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Spirituality and Business

Prof. Dr. Sharda Nandram reflects about this during the Nyenrode University “radical thinkers” event. You can watch and listen to her arguments here.

It is of course admirable that a Business University takes a stand away from the traditional bottom line business philosophy that we tend to call “1 x WIN, 3 x LOSS” referring to the negative impact on society, the human being and our environment, purely out of financial win motivation. When I myself occupied general management positions in big multinational I had been drawn into that same tunnel vision and related competitive complexity. Only after leaving such a position I started to develop my own awareness resulting in the 4 x WIN entrepreneurial ideology of the 21st century. That is how I got to intellectually and spiritually interact intensely with the predecessor and mentor of Nandram, Prof. Dr. Paul de Blot. It was in that occasion that I briefly met Ms Sharda as highly valued disciple of Paul in Nyenrode.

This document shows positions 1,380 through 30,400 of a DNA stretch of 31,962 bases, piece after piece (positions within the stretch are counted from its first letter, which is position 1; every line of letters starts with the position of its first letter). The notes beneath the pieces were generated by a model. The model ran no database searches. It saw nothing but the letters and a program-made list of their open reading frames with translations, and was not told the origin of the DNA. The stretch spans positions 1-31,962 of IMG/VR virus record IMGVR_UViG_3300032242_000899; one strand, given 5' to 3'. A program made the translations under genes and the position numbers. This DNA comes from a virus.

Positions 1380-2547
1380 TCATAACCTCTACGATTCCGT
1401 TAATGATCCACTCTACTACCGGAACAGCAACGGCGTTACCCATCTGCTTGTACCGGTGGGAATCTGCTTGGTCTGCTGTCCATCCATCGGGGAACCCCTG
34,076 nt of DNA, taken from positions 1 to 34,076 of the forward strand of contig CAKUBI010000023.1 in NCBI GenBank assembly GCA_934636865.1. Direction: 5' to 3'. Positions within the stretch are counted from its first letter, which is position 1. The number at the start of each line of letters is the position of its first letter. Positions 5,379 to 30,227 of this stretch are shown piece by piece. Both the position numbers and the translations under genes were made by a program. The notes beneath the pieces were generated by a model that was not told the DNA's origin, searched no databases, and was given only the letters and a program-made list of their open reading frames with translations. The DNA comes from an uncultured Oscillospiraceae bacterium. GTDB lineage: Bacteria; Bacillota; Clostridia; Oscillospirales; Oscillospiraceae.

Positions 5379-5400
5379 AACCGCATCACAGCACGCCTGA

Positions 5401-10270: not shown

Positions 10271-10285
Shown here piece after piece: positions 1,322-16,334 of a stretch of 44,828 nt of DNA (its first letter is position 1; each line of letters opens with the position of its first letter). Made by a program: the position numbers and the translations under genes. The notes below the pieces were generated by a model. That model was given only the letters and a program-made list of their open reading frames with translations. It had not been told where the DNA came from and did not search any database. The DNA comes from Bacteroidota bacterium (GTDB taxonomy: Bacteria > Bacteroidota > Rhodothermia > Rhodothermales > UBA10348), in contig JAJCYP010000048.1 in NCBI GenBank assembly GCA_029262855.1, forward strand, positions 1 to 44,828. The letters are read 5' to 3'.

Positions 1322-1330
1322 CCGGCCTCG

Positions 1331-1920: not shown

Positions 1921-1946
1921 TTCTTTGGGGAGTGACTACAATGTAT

In my quest to develop a societal evolutionary path it became key to simplify the process, despite the complexity of the engagement and transformational consequences. It is not so much radical thinking but more the acceptance of a shared collective social, humanitarian and ecological responsibility. The five essential values for our sustainable human existence, as defined in Sustainocracy, also reflect the “To Be” spirituality, the meaningfulness, of a new era for institutions and institutional positioning. This “To Be” is not only relevant for the business environment but also for government institutions, scientific and educational organizations and even us as citizens in a new world of shared responsibilities. This “To Be” then determines the “To Do” impact and action driven reality of these institutions. It would fill in the K2 and K3 referred to in the speech as “unknown” and “belief” into belief in one’s authenticity as institution and its positive contributions to our harmonic and symbiotic relationship with our selves and our natural environment.

Our spiritual (non religious) evolution from “conscious competition and survival” to “conscious living in harmony”

Our societal path from hierarchical self interests to shared responsibility and sustainable progress

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